The Ratepayers and Community Intervenors (RCI), a ratepayers group, and the Sierra Club have filed an appeal challenging a Public Service Commission (PSC) order forcing families and businesses in the Finger Lakes region to pay $155 million dollars in out of market subsidies to prop up the uneconomical Cayuga coal-fired power plant in Lansing until alternatives can be developed to meet the region’s electricity demand. The groups are represented in the case by Earthjustice.
The order by the PSC approves yet another round of subsidies for the aging plant that is responsible for dangerous air and water pollution in the region including sulfur dioxide and smog-causing chemicals. The subsidy would be shouldered by New York State Electric and Gas Company (“NYSEG”) customers near the plant as part of a Reliability Support Services Agreement (“RSSA”) agreement that would keep the failing plant operating until at least June 2017 in order to address a short-term electricity reliability need.
The groups highlight several problems with the PSC ruling that would put ratepayers at risk. The deal requires over $40 million in upgrades to the plant even though at least some of these are unnecessary for the plant’s safe operation through 2017. The deal significantly limits any repayment NYSEG customers can receive if the facility continues to operate beyond 2017. And the public had little, meaningful opportunity to review, evaluate, and comment on the agreement even though they’re the ones paying for it.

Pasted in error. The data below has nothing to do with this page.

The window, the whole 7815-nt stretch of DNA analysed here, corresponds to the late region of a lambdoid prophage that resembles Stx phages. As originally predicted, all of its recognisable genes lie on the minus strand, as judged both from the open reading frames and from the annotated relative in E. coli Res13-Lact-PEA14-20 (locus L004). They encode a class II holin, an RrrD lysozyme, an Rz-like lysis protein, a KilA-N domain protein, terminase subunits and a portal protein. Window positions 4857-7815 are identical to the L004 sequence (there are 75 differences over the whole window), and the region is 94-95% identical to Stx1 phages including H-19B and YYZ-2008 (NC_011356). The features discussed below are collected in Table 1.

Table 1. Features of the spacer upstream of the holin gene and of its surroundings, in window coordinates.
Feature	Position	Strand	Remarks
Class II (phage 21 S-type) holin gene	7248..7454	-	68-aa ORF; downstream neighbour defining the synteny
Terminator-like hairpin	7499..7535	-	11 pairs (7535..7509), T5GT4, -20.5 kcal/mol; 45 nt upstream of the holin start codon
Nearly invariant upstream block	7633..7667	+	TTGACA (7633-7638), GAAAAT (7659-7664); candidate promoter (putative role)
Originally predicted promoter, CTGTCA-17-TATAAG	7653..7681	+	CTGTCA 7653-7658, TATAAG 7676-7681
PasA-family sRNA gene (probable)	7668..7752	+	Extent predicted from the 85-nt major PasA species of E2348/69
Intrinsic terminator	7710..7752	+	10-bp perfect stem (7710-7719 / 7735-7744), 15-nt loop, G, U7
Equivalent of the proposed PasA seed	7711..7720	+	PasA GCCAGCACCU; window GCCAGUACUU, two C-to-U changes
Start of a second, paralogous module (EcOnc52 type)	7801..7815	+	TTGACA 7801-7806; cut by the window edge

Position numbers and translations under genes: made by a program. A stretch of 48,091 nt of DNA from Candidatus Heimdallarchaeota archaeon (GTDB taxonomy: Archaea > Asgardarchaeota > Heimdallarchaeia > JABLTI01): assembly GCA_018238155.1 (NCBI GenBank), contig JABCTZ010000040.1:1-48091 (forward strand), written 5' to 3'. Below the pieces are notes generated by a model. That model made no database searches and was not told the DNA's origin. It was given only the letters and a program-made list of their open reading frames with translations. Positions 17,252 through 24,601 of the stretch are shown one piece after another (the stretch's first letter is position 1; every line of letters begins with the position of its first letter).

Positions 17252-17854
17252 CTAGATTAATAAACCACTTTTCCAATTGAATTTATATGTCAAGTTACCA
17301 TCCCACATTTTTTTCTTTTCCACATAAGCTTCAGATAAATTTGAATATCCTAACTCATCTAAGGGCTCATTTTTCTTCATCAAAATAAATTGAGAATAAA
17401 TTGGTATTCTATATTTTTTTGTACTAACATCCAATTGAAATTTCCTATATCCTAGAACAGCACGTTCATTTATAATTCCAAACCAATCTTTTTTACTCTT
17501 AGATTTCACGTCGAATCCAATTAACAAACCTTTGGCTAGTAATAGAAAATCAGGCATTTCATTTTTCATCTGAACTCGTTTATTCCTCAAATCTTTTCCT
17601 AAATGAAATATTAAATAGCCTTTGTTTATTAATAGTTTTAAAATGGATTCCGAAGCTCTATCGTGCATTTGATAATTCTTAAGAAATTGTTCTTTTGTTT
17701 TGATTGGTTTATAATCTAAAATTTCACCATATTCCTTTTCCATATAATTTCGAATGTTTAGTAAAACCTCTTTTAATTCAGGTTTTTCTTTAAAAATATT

The Cayuga Coal Plant has been in operation since the 1950’s. In 2012, its owners announced their intention to indefinitely close the plant because it is uneconomical to operate. The plant has continued to run since 2012 under RSSAs approved by the PSC, intended to provide the owner with the minimum amount of funds needed to keep this power plant operating until any reliability impacts that would result from closing the plant could be addressed.
In the appeal, RCI and Sierra Club are challenging the PSC’s approval of a second RSSA that increases the subsidies ratepayers are being required to pay to Cayuga, and extends the life of this aging coal plant through at least June 2017. This follows previous actions urging the PSC to investigate more affordable solutions such as working with large energy users to reduce electricity demand during peak times and upgrading transmission lines. The PSC failed to take a meaningful look at these more cost-effective alternatives that would allow the aging plant to retire.